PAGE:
Rob

One of the problems I am having is aesthetic. I normalized the greyscale data by mulitiplying it by CD (.25 in this case) and then dividing by 255 to arrive at an inch value to cut to. It works fine, but islands seem to develop. I think I need a way to normalize the data logarithmically instead of linearly. Does anyone have any input on this?

e.g.

 log [pic.getpixel((i,j))]

Thanks.

Robert Herman

I’ll post pictures of first cut once it’s done. It’s been running for 2 hours now.

I feel like I’m having a one-way conversation. Do you not love me anymore?

I just found software that does what I’m trying to do in Blender, but it costs $2400! on sale for $975.

http://www.designscomputed.com/vs3d/examples/img_emboss.html

If my script gets going, it will be free, and along with Blender would be pretty much what the expensive software does.

Upon looking at his example, he states he didn’t have to do any manual work on it using his “hammer” tool in his software. My images have what appear to be topographical relief steps. Pil is basically grabbing the greyscale value 0-255, and the code is just making verts and faces. Should I be placing splines, nurbs whatever on the data instead of verts and faces? Please somebody help me! Thanks.

Rob

You may find something interesting here:

http://users.commspeed.net/tbabbitt/rbranch_strangness5.htm

Halfway down is the “Shape from Shading” and the 2 “DEM” items just above it: all are basically what you are doing. All the scripts are Python so you should be able to scrounge something from them or get horribly sidetracked (in which case I’ll just say “adios” now and hope you come back sometime).

Above link referenced from http://www.vex.net/parnassus/

%<

Thanks. The images aren’t coming up on the site for that particular program, but it sounds like I’m about to waste the afternoon away. It just might be the ticket. I’m thinking on offering anyone who gives me the best lead to my solution a free 8" x 10" foam or wood carving of a photo of their choice as an award. Thanks again.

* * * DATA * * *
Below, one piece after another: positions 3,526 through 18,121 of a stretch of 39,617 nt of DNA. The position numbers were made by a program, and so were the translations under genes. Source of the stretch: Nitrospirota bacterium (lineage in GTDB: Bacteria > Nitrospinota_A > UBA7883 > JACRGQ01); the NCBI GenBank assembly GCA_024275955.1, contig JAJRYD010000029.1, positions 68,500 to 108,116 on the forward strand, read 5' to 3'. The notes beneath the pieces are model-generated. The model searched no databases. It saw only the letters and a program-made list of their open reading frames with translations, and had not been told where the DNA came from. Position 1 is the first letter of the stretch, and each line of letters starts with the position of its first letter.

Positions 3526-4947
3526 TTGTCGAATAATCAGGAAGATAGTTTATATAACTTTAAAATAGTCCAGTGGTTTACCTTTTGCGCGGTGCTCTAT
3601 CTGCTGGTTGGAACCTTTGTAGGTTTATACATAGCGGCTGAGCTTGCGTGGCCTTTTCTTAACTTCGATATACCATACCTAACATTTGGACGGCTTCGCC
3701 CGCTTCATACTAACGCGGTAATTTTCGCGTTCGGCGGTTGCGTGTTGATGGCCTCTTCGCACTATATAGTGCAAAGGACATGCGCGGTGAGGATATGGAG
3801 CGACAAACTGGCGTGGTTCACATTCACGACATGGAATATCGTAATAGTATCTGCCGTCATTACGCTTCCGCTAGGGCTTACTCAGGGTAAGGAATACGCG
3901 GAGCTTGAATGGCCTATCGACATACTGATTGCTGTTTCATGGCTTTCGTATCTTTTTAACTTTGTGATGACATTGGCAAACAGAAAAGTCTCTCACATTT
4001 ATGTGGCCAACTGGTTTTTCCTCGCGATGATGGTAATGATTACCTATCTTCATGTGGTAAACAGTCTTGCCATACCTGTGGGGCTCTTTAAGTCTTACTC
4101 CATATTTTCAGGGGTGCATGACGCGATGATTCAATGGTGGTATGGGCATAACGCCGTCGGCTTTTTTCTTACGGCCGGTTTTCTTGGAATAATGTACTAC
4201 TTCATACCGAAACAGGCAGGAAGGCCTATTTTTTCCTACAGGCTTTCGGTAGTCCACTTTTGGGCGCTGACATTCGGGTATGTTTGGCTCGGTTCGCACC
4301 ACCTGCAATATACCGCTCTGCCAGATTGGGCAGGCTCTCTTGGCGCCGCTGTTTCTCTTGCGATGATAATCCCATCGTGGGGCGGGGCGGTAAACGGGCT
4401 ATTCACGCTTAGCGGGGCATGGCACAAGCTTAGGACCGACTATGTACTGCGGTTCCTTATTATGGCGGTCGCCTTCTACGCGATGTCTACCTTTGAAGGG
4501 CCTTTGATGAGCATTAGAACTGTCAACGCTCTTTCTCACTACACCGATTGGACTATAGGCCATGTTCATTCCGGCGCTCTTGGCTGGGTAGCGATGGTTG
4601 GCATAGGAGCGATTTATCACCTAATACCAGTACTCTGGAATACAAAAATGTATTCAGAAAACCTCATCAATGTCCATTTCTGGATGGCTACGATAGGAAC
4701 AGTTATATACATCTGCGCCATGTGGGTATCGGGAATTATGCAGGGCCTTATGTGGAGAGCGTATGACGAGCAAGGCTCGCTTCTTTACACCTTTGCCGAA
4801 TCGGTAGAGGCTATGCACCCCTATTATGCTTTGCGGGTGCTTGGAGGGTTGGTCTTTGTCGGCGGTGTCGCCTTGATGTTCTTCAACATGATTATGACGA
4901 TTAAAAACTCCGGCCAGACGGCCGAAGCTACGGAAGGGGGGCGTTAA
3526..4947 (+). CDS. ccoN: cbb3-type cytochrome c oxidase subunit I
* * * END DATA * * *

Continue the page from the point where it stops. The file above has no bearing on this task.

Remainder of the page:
Robert Herman

You have possibly already considered this, but if the problem is the terracing effect of having 256 levels of grey, why not convert your photo into a 16-bit greyscale? This will give you a greatly extended vertical resolution. It may involve a lot of fiddling with photo manipulation tools and file formats, but I think that would be preferable to messing about with the limited Python/NURBS tools.

Possibly terrain editing tools may be the solution. After all, what you are carving is effectively a terrain in wood. http://koti.mbnet.fi/pkl/tg/TerraConv.htm is a tool that converts uncompressed tiffs to terragen landscapes, but also exports 16-bit tif and pgm files.
You could try importing a colour photo, then exporting it as a greyscale.
The output is binary, I think, so it might need some Python work to get it into Blender, or a photo manipulation tool that does 16-bit, but in theory it should create a surface as smooth as the original gradients in the original photo.

I think that using Blender to output CNC data is a superb idea, as I have been toying with the idea of looking into CNC as a means to realize some of the shapes created by my Python script. If you have any words of advice on the subject, I would be grateful. For instance, is it a practical idea to build your own CNC rig, or is an off the shelf purchase better?

Hope this has been helpful.

Andy

Fligh %: Thanks. Photoclinometry is the key. I’m trying to rework my script right now. I’ll post the results tonight.

serendipiti: Thanks. My program already takes the image and uses PIL to convert it to greyscale, and then reads the pixel data at each pixel, 0-255 to assign a height. I don’t need 16 bit since a cutting depth in z of .25 / 255 < .001"! is already fine enough. My issue was the heightfield mesh it generates is not a “true” representation of relief. Photoclinometry, using one camera and the sun’s or light sources zenith angle is amazingly sufficient for what I am after.